Egeus & Hermia in A Midsummer Night's Dream

Instructor: Celeste Bright

Celeste has taught college English for four years and holds a Ph.D. in English Language and Literature.

The relationship between Egeus and Hermia is probably the most disturbing one in 'A Midsummer Night's Dream.' We'll look at their character traits and analyze their conflict in the play.

The Basic Conflict Between Egeus and Hermia

Early in Act 1, Egeus heatedly complains to Theseus, the Duke of Athens, that he's unhappy with Hermia because she refuses to marry Demetrius, the man he's chosen for her. Really, he's angry because Hermia's previous 'obedience' has been turned ''(t)o stubborn harshness.'' Egeus says that because her obedience is legally ''due to (him),'' he wants to prosecute her to the fullest extent of the law. Hermia asks her father to consider her point of view. When this fails, she asks Theseus what the worst-case legal scenario is for her so she can make an informed decision. Theseus explains that if she won't marry Demetrius, her options are to be executed by court order or become a nun. The two men give Hermia until the next morning to choose her fate.

Egeus bringing Hermia before Theseus in court
Egeus bringing Hermia before Theseus in court

As if this weren't bad enough, Egeus treats Hermia like a helpless doll with no critical or independent thinking skills. He claims that Lysander ''bewitch'd her and 'filch'd (stole) her heart'', as if she's unable to form an opinion of him for herself.

Gender Roles in the Elizabethan Era

The nature of this conflict is certainly outrageous by today's standards. To understand it, we'll need to look at gender roles in the Elizabethan era, when Shakespeare was writing. During this time, women were universally considered inferior to men and were expected to be subservient to them. Women couldn't be educated, enter politics, hold any important offices, or inherit property. Instead, they were property. Even Queen Elizabeth herself would have been expected to obey her husband if she'd married, which is doubtless a major reason that she didn't.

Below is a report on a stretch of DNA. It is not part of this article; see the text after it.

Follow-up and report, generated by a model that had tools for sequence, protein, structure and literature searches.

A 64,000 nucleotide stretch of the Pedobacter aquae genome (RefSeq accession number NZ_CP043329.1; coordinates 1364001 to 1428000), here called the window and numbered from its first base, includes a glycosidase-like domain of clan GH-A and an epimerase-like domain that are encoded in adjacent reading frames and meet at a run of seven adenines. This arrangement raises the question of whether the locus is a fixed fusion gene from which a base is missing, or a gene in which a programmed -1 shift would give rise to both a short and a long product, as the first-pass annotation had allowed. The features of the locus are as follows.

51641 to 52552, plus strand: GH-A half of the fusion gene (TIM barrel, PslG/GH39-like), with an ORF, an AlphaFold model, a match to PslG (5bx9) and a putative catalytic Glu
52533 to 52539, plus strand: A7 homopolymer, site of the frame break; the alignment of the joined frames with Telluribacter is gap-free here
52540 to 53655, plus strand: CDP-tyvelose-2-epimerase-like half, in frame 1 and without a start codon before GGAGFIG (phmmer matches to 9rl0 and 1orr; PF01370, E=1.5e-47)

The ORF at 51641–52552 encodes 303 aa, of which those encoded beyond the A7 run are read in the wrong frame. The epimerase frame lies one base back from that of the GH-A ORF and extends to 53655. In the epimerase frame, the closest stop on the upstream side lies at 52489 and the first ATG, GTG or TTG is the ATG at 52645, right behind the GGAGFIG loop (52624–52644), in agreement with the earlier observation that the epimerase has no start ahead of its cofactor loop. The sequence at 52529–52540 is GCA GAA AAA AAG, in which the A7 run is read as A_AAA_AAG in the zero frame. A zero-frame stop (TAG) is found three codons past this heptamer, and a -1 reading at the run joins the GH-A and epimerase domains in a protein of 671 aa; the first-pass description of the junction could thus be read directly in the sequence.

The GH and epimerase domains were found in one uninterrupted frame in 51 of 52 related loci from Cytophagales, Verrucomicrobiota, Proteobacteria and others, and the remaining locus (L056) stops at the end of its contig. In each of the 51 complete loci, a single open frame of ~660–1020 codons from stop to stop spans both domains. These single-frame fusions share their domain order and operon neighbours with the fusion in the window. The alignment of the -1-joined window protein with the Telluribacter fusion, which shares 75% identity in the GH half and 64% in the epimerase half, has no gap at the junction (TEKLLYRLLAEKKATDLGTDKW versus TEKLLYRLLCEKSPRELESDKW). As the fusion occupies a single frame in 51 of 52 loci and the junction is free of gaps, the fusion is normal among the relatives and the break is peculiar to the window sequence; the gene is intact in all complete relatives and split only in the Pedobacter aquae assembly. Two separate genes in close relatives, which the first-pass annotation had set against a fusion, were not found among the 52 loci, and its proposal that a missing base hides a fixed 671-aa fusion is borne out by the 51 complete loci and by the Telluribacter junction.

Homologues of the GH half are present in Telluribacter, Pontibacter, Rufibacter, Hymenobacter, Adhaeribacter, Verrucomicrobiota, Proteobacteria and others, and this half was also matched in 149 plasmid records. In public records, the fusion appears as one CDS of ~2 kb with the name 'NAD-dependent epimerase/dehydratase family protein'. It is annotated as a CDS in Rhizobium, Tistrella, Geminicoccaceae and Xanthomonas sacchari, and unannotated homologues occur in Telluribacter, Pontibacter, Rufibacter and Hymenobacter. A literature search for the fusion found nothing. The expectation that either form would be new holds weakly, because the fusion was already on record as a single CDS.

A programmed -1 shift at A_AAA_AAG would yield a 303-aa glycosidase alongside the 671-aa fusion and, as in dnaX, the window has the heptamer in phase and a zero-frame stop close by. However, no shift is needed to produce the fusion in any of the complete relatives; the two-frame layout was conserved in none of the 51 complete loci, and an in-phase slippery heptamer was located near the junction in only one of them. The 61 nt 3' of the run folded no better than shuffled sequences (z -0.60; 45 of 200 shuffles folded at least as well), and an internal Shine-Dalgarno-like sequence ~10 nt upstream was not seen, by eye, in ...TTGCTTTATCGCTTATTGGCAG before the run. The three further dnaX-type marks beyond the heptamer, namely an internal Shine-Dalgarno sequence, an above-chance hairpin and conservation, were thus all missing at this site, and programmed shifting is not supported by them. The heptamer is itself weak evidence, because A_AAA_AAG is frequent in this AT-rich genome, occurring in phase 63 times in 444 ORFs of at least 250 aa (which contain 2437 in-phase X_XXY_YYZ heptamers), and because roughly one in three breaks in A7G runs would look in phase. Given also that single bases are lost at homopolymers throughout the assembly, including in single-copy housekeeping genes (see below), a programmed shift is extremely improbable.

An Elizabethan woman submissively asking what her husband wishes
An Elizabethan woman submissively asking what her husband wishes

Men who were heads of households, like Egeus, were expected to make decisions for female family members. That's why Egeus chooses a husband for Hermia, and why he fully expects her to follow orders. It's also why Theseus tells Hermia: ''To you your father should be as a god' and 'your eyes with his judgement must look.'' As far as society is concerned, Hermia's disobedience is the outrageous behavior, not Egeus' control over her.

Egeus: A Senselessly Rigid and Unreasonable Character

However, even for Elizabethan times, Egeus is an especially rigid and aggressively misogynist character. (A misogynist is anyone who believes women are inferior to men). We know this for at least three reasons.

First, even as a father who wants his daughter to obey him, it's not necessary for him to seek the most dire punishment legally available. Even as her 'superior' and 'owner,' a reasonable and loving father would be free to choose other solutions less harmful to his daughter (such as not executing her). However, Egeus clearly doesn't care about Hermia's well-being: he only cares about getting his way and using his clout as a male and acquaintance of the duke.

Second, although we don't expect him to listen to Hermia, we find that he won't listen to reason from a man, either. Lysander explains that, socially and financially, he's every bit as qualified to marry her as Demetrius: ''I am, my lord, as well deriv'd as he, As well possess'd; my love is more than his; My fortunes every way as fairly rank'd (If not with vantage) as Demetrius'.'' What kind of father wouldn't want his daughter to marry a respectable, well-off man who genuinely loves her?

Third, Lysander points out that Demetrius has already behaved less than honorably toward Helena, implying that he may be unfaithful to Hermia as well. Still, Egeus won't listen.

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